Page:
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The differentiated effects of food price spikes on poverty in Uganda

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  • Boysen, Ole
  • Matthews, Alan

Abstract

This paper applies an integrated CGE-microsimulation model to analyse the impact of the 2006-08 increase in commodity prices on Uganda. Previous impact analysis studies suggested that the food price shock increased poverty in Uganda as there are more net food buyer than net food seller households. We show that the agriculture commodity price shocks were poverty-reducing, but the simultaneous increases in energy and fertiliser prices were poverty-increasing. Overall, poverty decreased in Uganda as a result of external price shocks in the 2006-08 period.

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File URL: http://purl.umn.edu/122445
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Bibliographic Info

Paper provided by European Association of Agricultural Economists in its series 123rd Seminar, February 23-24, 2012, Dublin, Ireland with number 122445.

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Date of creation: 23 Feb 2012
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Handle: RePEc:ags:eaa123:122445

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Related research

Keywords: Food price shock; Uganda; microsimulation; poverty; International Development; Risk and Uncertainty; O55; Q18.;

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References

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  1. Ole Boysen, 2012. "A Food Demand System Estimation for Uganda," The Institute for International Integration Studies Discussion Paper Series iiisdp396, IIIS.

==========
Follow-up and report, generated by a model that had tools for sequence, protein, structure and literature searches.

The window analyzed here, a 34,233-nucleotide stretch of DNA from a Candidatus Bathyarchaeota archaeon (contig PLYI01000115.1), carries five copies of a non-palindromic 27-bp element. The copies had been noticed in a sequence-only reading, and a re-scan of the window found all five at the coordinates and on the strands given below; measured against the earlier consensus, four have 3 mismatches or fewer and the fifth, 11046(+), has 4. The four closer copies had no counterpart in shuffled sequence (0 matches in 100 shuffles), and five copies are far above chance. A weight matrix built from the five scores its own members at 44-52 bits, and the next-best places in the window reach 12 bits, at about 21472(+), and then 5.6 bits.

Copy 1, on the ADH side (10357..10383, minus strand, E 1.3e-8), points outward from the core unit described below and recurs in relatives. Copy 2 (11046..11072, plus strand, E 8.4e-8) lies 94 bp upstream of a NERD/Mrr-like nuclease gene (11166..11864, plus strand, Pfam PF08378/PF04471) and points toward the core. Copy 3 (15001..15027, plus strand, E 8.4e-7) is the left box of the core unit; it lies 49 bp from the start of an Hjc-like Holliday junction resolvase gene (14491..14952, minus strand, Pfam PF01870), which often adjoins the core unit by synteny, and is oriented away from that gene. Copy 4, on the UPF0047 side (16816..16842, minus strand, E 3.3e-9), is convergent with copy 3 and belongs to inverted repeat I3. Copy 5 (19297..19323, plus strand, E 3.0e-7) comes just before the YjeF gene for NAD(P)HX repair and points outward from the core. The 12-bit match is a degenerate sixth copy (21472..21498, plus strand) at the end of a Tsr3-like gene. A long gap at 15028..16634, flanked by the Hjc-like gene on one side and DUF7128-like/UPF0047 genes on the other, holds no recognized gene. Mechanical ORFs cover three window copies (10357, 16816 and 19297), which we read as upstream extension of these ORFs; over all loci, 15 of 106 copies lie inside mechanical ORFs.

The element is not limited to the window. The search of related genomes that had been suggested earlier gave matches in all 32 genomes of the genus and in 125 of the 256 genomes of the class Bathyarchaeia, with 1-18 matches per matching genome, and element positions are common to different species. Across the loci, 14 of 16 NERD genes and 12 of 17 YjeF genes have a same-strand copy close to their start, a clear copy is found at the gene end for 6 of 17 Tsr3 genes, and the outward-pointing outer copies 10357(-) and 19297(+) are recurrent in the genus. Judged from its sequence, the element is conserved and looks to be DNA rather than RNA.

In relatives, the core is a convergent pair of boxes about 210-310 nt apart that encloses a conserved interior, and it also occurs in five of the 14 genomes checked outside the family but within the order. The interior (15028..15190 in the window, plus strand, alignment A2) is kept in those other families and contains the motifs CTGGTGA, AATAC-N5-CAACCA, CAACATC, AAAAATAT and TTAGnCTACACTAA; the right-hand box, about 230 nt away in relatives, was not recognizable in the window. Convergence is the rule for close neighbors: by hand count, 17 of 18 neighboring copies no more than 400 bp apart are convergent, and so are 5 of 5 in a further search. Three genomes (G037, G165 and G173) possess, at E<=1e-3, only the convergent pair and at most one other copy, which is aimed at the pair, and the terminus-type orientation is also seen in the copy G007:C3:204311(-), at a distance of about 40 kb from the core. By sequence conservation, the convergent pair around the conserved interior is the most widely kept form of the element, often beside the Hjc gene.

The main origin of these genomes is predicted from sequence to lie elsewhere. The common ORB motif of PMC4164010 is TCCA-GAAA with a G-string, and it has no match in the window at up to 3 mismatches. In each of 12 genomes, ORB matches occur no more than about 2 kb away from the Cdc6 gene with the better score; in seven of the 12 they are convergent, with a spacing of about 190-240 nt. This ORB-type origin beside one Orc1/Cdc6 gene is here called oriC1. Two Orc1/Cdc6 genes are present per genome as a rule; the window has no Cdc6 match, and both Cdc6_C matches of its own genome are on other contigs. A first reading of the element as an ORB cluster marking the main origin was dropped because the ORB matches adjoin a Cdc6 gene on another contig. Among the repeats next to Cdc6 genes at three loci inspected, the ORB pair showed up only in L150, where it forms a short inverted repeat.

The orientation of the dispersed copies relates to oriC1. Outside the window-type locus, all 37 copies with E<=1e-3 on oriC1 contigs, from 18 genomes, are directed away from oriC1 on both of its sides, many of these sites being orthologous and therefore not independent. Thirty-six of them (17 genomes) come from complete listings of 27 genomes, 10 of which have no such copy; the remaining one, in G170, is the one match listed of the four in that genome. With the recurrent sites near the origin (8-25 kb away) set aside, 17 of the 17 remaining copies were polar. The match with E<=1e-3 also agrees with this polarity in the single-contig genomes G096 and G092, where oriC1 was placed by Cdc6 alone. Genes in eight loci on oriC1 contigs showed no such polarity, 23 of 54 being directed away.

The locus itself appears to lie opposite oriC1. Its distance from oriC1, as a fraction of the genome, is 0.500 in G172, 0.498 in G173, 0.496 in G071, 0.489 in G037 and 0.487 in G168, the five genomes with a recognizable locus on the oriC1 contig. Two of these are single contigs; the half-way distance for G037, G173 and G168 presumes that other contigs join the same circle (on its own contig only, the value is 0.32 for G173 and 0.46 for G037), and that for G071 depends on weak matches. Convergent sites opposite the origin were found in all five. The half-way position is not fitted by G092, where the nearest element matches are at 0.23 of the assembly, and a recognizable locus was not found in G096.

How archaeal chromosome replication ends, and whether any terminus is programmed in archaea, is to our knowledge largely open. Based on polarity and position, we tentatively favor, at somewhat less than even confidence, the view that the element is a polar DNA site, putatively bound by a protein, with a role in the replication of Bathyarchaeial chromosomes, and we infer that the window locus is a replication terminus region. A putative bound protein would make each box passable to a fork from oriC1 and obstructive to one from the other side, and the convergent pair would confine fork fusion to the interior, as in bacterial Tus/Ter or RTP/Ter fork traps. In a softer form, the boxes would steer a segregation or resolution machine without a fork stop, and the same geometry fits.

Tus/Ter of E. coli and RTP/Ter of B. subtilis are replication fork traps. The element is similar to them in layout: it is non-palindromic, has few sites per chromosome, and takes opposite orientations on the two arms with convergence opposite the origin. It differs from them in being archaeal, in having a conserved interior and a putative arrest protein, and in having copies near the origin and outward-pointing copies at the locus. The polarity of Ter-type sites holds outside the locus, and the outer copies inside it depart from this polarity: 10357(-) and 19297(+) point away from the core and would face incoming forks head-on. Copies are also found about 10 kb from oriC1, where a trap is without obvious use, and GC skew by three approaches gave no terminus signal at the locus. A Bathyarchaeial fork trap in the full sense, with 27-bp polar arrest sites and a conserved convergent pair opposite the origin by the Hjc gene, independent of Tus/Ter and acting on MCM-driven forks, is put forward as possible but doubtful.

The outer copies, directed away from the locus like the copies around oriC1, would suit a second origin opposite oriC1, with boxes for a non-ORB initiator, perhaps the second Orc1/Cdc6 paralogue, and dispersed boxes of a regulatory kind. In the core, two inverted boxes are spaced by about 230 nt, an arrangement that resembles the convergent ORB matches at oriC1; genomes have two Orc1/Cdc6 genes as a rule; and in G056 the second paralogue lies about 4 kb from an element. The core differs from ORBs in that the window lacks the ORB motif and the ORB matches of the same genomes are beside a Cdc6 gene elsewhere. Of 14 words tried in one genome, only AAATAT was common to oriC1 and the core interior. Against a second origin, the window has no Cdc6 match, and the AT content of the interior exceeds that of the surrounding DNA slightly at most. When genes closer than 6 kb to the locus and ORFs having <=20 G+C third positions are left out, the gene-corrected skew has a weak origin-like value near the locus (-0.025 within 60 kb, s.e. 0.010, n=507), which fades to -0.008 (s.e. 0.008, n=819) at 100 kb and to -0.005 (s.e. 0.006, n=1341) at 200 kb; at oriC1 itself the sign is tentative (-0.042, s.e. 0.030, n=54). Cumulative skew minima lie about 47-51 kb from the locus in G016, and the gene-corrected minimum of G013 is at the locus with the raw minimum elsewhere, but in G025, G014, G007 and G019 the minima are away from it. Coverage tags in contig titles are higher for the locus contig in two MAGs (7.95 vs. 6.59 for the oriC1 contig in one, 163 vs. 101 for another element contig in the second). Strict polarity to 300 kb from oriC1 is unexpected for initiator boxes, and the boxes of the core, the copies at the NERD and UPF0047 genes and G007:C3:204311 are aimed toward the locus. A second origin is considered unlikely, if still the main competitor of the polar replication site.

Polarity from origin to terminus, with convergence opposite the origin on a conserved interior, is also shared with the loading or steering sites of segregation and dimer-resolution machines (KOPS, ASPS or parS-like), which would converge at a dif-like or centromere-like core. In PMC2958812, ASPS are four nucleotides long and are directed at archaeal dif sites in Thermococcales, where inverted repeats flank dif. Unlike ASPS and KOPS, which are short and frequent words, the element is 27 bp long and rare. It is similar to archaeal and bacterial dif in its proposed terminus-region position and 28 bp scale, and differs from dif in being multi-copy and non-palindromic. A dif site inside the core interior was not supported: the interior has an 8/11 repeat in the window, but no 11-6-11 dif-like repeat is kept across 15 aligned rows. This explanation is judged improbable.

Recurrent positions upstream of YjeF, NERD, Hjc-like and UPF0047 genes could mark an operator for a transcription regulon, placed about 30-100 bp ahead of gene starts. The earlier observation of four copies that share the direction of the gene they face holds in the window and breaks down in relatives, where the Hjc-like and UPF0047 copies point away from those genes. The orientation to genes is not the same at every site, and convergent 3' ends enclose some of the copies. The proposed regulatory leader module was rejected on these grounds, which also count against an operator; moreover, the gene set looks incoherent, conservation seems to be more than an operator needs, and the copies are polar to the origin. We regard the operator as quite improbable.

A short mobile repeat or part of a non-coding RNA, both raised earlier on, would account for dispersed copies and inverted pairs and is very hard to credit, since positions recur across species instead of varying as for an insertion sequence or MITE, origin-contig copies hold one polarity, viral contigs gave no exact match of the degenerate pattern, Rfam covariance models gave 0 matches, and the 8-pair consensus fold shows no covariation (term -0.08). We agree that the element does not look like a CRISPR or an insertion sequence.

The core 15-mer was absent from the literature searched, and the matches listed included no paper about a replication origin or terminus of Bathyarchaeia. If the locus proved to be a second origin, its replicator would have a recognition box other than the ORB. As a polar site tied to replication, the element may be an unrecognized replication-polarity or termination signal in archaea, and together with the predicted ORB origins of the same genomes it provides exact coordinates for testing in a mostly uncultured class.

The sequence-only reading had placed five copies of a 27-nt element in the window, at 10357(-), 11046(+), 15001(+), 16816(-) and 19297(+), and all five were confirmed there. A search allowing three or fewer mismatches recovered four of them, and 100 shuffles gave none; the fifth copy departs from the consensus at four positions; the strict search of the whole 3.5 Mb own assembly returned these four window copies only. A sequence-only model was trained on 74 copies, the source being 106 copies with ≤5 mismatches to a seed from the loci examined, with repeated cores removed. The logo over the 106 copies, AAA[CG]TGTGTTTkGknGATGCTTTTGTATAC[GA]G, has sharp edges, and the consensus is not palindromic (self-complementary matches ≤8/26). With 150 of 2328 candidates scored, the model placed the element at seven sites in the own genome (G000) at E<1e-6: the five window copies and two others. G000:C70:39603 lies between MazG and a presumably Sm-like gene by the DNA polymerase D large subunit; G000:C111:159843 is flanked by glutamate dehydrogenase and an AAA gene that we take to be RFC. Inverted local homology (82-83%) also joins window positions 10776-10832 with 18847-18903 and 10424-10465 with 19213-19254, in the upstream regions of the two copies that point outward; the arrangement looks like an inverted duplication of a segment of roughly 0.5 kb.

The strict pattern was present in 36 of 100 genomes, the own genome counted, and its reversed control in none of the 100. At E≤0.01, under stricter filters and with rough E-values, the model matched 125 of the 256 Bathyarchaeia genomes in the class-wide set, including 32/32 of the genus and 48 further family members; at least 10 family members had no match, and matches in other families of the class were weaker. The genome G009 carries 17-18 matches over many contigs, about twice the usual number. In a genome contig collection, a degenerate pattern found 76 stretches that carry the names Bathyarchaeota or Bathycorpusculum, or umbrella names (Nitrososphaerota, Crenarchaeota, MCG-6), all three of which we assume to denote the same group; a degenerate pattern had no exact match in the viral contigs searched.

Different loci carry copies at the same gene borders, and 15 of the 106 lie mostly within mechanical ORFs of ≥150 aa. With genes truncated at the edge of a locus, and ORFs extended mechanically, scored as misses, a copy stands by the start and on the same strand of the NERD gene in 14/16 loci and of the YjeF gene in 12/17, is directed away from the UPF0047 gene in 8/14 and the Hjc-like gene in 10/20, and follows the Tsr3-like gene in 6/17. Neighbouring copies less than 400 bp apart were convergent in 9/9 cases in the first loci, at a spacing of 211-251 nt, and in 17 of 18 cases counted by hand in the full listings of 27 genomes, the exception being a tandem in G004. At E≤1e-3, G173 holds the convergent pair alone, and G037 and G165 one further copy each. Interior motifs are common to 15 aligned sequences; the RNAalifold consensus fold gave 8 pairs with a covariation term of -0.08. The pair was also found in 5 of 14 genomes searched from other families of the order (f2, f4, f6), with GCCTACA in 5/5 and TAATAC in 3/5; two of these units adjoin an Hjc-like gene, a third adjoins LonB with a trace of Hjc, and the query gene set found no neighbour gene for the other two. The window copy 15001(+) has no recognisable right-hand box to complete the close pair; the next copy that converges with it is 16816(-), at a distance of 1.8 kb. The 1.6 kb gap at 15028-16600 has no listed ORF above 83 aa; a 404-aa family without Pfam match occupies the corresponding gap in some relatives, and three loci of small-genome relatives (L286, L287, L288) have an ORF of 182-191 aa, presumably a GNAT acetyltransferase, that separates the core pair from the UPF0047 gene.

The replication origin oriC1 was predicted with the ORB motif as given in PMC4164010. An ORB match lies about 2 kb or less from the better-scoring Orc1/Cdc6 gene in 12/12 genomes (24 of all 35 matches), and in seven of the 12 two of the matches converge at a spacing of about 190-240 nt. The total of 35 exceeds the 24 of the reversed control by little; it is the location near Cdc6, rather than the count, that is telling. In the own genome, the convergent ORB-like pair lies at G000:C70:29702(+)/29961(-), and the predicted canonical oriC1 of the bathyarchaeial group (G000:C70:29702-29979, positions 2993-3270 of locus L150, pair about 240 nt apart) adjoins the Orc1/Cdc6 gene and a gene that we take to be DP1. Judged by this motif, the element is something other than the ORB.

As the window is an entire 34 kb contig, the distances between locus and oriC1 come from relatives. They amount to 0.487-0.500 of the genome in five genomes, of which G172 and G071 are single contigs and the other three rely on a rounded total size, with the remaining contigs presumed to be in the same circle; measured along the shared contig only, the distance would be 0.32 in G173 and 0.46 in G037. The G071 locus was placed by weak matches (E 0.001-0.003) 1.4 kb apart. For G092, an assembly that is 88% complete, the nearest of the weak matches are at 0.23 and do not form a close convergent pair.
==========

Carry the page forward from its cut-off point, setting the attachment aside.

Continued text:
2. Hertel, Thomas & David Hummels & Maros Ivanic & Roman Keeney, 2003. "How Confident Can We Be in CGE-Based Assessments of Free Trade Agreements?," GTAP Working Papers 1324, Center for Global Trade Analysis, Department of Agricultural Economics, Purdue University.
  3. Marcel Fafchamps & Ruth Hill & Aliziki Kaudha, 2004. "The Transmission of International Commodity Prices to Domestic Producers," Development and Comp Systems 0409038, EconWPA.
  4. Ole Boysen & Alan Matthews, 2009. "The Economic Partnership Agreement between Uganda and the EU: Trade and Poverty Impacts," The Institute for International Integration Studies Discussion Paper Series iiisdp307, IIIS.
  5. Zezza, Alberto & Davis, Benjamin & Azzarri, Carlo & Covarrubias, Katia & Tasciotti, Luca & Anriquez, Gustavo, 2009. "The Impact of Rising Food Prices on the Poor," 2009 Conference, August 16-22, 2009, Beijing, China 51696, International Association of Agricultural Economists.
    • Alberto Zezza & Benjamin Davis & Carlo Azzarri & Katia Covarrubias & Luca Tasciotti & Gustavo Anriquez, 2008. "The Impact of Rising Food Prices on the Poor," Working Papers 08-07, Agricultural and Development Economics Division of the Food and Agriculture Organization of the United Nations (FAO - ESA).
  6. Todd Benson & Samuel Mugarura & Kelly Wanda, 2008. "Impacts in Uganda of rising global food prices: the role of diversified staples and limited price transmission," Agricultural Economics, International Association of Agricultural Economists, vol. 39(s1), pages 513-524, November.
  7. Dessus, Sebastien & Herrera, Santiago & de Hoyos, Rafael, 2008. "The impact of food inflation on urban poverty and its monetary cost : some back-of-the-envelope calculations," Policy Research Working Paper Series 4666, The World Bank.
  8. Simler, Kenneth R., 2010. "The short-term impact of higher food prices on poverty in Uganda," Policy Research Working Paper Series 5210, The World Bank.
  9. Ivanic, Maros & Martin, Will, 2008. "Implications of higher global food prices for poverty in low-income countries," Policy Research Working Paper Series 4594, The World Bank.
  10. Wodon, Quentin & Tsimpo, Clarence & Backiny-Yetna, Prospere & Joseph, George & Adoho, Franck & Coulombe, Harold, 2008. "Potential impact of higher food prices on poverty : summary estimates for a dozen west and central African countries," Policy Research Working Paper Series 4745, The World Bank.
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Cited by:
  1. Van Campenhout, Bjorn & Pauw, Karl & Minot, Nicholas, 2013. "The impact of food prices shocks in Uganda: First-order versus long-run effects:," IFPRI discussion papers 1284, International Food Policy Research Institute (IFPRI).

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